Editor’s note: This piece by Kelly B. Cartwright is adapted from Executive Skills and Reading Comprehension: A Guide for Educators, now available from Guilford Press.
Over the last few decades, the use of comprehension strategies to help students read has become increasingly popular. Unlike traditional reading skills that support word reading, such as phonemic awareness and vocabulary, comprehension strategies help students become active, self-regulated thinkers about the meanings of texts that they are reading.
Skilled readers regularly employ various cognitive strategies to understand what they’re reading, and teaching this set of strategies results in significant improvements in comprehension for struggling students (Brown et al., 1996; Brown, 2008; Duffy et al., 1988; Pressley et al., 1989). You may be familiar with comprehension strategies, but you may not realize that these strategies are intimately tied to important higher-order thinking skills called executive skills: the skills we use to engage in self-regulated, goal-directed behavior in any area of life, from planning and executing a trip to the grocery store to reading and understanding a complex text. Executive skills like working memory, cognitive flexibility, inhibition, organization, and planning support students’ use and application of comprehension strategies (Gnaedinger, Hund, & Hesson-McInnis, 2016). Here are seven effective comprehension strategies that help students become better readers and support their goal-directed plans to understand text.
1. Connecting to Prior Knowledge: A common strategy we teach our students is to make connections to their own prior knowledge because such connections facilitate reading comprehension (Anderson, 1984; Anderson & Pearson, 1984). In fact, struggling comprehenders benefit from explicit instruction in this strategy, resulting in significant increases in their reading comprehension (Hansen, 1981; Hansen & Pearson, 1983).
2. Self‑Questioning: Not only do skilled comprehenders draw on prior knowledge when approaching a new text, they also ask themselves questions about the text, which aids them in their search for meaning as they read (Pressley & Afflerbach, 1995; Brown, 2008; Pressley, 2002). Like making connections to prior knowledge, self-questioning is an essential component of planning to understand a text.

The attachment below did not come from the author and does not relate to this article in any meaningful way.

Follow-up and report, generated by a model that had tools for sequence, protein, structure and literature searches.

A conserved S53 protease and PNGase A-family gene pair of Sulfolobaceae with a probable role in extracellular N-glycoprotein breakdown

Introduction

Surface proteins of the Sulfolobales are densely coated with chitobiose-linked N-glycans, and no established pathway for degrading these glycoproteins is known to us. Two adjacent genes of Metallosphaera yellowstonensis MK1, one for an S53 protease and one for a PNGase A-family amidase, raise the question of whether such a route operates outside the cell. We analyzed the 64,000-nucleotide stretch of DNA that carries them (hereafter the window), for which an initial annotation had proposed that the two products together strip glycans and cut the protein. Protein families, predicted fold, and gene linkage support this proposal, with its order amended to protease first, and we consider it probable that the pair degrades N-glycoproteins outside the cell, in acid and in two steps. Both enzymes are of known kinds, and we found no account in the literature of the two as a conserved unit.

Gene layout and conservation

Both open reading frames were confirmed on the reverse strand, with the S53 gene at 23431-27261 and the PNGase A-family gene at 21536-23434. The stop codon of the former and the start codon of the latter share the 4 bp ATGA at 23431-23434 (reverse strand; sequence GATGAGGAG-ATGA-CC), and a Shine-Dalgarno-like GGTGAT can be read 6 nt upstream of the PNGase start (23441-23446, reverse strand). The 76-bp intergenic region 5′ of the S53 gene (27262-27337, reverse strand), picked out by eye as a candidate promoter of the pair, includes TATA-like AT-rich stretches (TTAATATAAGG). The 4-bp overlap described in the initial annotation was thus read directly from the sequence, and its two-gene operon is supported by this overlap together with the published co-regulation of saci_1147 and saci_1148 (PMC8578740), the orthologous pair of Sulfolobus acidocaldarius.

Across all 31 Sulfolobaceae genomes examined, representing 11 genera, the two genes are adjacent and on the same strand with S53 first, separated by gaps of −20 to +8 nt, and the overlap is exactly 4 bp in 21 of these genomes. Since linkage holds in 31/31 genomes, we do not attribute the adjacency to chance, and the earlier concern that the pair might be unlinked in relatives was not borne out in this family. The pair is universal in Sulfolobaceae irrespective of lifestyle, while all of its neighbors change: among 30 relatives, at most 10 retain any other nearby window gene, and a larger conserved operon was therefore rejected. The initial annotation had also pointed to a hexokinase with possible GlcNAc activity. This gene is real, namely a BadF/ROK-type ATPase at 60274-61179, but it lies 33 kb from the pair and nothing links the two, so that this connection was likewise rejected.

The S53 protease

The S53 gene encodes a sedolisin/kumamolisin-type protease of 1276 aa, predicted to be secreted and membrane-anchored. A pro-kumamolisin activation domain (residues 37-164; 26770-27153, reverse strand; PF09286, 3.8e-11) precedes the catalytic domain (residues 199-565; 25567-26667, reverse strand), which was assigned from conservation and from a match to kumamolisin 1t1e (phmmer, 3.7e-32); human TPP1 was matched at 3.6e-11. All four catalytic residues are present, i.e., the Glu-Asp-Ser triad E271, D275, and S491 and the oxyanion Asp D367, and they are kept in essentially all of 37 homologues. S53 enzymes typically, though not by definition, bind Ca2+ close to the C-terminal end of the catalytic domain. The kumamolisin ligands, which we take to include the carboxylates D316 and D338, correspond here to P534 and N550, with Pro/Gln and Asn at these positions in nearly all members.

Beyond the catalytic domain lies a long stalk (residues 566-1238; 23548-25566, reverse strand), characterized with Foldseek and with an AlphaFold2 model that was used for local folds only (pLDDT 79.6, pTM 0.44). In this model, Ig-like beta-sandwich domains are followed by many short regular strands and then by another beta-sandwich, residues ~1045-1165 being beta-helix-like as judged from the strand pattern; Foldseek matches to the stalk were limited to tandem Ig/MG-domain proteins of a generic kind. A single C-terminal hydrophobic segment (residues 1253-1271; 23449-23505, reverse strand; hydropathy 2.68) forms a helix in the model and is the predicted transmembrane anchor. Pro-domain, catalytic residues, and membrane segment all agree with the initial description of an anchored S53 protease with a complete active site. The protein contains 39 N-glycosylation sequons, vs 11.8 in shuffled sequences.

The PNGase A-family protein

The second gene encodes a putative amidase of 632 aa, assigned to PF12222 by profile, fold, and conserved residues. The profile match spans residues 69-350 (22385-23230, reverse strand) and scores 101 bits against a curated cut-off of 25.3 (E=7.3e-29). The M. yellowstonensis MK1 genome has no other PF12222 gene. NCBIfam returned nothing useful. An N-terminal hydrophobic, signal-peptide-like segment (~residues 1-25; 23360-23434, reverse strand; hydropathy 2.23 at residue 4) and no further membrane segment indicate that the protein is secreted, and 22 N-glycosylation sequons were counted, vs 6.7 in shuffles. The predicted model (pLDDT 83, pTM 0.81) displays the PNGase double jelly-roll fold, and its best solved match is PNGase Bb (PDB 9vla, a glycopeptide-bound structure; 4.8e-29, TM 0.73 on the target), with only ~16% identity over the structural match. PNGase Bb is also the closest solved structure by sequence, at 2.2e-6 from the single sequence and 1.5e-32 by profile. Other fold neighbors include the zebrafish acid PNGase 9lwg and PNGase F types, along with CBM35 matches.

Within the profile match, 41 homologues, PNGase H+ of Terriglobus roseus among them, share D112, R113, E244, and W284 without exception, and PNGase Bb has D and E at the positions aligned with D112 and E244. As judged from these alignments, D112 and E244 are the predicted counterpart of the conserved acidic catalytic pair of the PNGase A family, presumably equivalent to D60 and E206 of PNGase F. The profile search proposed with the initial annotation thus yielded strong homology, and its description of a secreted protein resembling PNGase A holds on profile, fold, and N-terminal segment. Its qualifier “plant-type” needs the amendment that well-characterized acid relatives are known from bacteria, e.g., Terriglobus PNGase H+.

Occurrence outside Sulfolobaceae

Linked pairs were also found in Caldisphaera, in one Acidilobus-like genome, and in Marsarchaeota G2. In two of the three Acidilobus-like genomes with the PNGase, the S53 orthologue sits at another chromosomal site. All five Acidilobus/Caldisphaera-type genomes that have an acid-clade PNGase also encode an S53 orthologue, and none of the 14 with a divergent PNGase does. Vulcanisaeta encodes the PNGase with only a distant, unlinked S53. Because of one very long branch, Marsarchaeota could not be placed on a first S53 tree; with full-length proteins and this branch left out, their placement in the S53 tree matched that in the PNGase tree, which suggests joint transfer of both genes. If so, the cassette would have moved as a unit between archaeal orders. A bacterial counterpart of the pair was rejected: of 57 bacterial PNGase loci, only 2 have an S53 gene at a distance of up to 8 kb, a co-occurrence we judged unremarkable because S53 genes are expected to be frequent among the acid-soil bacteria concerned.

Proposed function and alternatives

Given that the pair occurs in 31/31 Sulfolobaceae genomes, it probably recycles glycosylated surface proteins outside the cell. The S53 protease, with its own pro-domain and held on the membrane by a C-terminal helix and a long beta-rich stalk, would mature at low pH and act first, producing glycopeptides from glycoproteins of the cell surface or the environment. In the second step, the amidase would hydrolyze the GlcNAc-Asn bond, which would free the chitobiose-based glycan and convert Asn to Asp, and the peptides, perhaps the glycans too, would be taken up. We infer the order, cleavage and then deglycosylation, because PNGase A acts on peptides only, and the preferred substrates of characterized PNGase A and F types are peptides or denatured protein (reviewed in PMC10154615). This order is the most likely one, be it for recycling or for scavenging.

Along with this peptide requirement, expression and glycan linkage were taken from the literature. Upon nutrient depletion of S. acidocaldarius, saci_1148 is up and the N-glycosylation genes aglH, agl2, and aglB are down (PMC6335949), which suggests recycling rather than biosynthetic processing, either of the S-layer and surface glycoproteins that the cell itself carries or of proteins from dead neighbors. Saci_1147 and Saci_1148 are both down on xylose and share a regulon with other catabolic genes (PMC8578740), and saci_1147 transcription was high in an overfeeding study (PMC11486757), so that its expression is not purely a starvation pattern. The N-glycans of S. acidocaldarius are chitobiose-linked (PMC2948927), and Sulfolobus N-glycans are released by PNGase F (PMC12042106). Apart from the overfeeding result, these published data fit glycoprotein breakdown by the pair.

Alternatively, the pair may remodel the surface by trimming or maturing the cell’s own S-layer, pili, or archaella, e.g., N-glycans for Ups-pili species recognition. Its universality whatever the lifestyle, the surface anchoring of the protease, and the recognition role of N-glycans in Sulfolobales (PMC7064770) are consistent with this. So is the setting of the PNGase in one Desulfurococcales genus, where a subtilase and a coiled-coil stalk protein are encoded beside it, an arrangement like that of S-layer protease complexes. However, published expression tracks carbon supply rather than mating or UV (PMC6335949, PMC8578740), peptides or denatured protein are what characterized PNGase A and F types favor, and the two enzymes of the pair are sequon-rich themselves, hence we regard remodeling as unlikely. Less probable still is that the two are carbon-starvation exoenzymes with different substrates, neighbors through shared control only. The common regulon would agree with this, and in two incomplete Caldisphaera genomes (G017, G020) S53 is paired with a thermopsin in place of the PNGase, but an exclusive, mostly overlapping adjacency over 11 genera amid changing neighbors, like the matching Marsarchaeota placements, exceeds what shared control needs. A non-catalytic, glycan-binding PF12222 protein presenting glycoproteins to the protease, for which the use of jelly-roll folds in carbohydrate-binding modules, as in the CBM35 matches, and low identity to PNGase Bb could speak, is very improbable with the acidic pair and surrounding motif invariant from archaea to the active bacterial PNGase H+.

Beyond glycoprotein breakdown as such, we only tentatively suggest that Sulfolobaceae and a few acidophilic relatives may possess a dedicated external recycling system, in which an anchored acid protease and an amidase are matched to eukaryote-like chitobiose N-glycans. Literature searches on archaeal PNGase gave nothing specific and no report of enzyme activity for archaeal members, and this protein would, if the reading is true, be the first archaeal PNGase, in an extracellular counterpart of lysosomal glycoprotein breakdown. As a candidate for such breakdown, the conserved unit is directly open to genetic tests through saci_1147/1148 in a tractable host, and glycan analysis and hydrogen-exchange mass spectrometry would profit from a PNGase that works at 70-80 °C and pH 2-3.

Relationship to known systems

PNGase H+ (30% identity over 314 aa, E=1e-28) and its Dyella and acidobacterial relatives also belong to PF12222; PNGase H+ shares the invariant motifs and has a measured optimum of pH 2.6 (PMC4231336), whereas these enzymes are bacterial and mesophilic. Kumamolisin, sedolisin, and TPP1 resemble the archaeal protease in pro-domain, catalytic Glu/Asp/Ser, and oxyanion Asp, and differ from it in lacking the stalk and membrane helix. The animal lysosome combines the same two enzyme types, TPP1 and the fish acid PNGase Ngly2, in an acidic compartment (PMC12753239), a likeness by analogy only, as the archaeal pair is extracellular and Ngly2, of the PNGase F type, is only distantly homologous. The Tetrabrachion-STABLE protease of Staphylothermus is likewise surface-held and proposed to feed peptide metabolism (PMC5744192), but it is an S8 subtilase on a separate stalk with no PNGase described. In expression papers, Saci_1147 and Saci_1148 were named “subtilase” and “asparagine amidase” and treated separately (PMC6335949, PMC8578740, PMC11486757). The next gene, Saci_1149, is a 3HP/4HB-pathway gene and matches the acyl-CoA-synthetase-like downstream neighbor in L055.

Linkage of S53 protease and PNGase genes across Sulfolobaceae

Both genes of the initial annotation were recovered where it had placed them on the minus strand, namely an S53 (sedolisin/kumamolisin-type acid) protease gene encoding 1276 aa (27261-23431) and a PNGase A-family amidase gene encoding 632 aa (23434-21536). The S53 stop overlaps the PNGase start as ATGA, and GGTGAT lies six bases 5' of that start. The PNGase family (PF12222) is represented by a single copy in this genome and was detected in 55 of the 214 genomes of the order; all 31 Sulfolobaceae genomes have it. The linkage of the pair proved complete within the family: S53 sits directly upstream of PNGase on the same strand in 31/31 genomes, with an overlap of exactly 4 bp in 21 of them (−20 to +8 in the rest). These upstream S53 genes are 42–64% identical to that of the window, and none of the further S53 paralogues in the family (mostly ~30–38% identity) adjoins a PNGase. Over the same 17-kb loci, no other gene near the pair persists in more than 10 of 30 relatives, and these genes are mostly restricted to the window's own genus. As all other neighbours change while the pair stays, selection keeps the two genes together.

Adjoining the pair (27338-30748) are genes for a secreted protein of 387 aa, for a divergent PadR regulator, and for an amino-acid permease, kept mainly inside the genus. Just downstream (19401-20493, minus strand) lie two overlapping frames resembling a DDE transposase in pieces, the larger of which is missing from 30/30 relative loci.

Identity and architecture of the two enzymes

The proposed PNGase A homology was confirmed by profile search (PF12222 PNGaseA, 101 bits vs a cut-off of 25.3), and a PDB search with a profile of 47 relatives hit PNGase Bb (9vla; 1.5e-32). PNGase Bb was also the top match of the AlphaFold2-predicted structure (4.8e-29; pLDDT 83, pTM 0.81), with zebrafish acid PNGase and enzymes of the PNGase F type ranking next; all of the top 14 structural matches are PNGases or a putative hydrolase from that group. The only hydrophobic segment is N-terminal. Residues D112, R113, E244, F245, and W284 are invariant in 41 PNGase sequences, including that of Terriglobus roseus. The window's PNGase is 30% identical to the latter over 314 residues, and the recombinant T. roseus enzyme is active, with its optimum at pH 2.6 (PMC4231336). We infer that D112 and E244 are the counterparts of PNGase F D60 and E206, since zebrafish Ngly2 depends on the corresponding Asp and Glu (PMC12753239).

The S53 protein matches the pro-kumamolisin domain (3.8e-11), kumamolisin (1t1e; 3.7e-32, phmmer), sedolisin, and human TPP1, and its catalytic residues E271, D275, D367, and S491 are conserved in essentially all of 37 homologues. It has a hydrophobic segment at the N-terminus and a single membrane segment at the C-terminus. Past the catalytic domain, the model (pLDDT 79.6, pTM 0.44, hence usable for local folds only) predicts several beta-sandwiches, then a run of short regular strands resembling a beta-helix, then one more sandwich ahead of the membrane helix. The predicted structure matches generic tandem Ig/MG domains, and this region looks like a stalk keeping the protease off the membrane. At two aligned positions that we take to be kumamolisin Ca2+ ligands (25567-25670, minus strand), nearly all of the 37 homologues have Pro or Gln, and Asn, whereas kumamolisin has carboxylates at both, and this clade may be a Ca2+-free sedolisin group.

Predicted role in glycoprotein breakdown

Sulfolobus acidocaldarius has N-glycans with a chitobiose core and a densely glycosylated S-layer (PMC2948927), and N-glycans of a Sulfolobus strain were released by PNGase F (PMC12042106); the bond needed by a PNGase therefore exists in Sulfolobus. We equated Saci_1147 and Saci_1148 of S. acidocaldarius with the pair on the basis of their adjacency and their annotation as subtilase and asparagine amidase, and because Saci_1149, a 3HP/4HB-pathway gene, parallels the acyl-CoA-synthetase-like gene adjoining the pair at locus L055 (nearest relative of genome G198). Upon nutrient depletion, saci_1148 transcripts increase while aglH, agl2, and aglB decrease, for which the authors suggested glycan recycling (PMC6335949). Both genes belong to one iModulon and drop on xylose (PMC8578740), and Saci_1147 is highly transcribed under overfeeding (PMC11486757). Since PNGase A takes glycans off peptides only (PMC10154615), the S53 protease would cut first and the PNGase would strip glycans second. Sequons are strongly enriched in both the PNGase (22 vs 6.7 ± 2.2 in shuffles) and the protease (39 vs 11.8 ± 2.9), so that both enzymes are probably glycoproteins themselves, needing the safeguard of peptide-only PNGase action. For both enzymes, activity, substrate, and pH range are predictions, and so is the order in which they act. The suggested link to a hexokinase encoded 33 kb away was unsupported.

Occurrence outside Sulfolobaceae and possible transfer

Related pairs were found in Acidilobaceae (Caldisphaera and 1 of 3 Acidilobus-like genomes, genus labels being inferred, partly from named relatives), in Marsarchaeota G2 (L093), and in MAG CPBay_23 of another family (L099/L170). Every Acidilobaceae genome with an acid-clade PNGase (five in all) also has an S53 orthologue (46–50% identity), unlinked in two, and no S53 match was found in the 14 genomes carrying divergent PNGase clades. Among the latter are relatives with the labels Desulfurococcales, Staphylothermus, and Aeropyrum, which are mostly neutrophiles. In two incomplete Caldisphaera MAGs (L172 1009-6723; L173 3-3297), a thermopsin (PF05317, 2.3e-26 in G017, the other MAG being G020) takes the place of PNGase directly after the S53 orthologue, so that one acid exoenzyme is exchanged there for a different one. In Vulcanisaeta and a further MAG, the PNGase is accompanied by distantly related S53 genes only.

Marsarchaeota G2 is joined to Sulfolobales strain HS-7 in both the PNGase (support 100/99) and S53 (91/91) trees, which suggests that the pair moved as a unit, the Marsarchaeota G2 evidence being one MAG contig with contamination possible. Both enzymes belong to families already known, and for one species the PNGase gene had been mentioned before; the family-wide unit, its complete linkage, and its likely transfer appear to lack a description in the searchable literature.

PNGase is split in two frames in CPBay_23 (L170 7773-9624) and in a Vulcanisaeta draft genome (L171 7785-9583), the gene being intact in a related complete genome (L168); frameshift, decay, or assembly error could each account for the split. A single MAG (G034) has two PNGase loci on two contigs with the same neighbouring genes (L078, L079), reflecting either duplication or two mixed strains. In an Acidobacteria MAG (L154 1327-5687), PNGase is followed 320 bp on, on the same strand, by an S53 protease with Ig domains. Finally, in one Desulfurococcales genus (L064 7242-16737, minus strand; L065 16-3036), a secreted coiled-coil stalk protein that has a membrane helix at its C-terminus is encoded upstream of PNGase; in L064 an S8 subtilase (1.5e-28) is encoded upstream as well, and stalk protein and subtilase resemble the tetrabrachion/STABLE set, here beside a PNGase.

3. Predicting: Making predictions involves using one’s prior knowledge along with clues from a text to make hypotheses about text content (Brown, 2008; Pressley, 2002). Students can make predictions by asking questions about a text before reading it, and then trying to answer those questions. Predicting also continues to occur throughout the reading process as readers construct and update their understanding of the text.
4. Using Text Structure: While reading, skilled comprehenders use text structure (such as the beginning, middle, and end of a story) to help organize text information and meaning (Pressley & Afflerbach, 1995; Pressley & Gaskins, 2006; Pressley & Lundeberg, 2008). Additionally, teaching text structures improves students’ comprehension of narrative and expository texts (Williams, 2003, 2005). Readers who are able to recognize and extract information about text structure have significantly better reading comprehension than readers who aren’t able to.
5. Visualizing: We have long known that visualizing, otherwise known as mental imagery, is a tremendously effective strategy for helping readers remember information from texts (e.g., Levin, 1973; Pressley, 1976). And it is no surprise that skilled comprehenders also visualize text content to help themselves make sense of what they read (Pressley & Afflerbach, 1995). By encoding text information in multiple ways, readers’ memory and understanding of text is strengthened.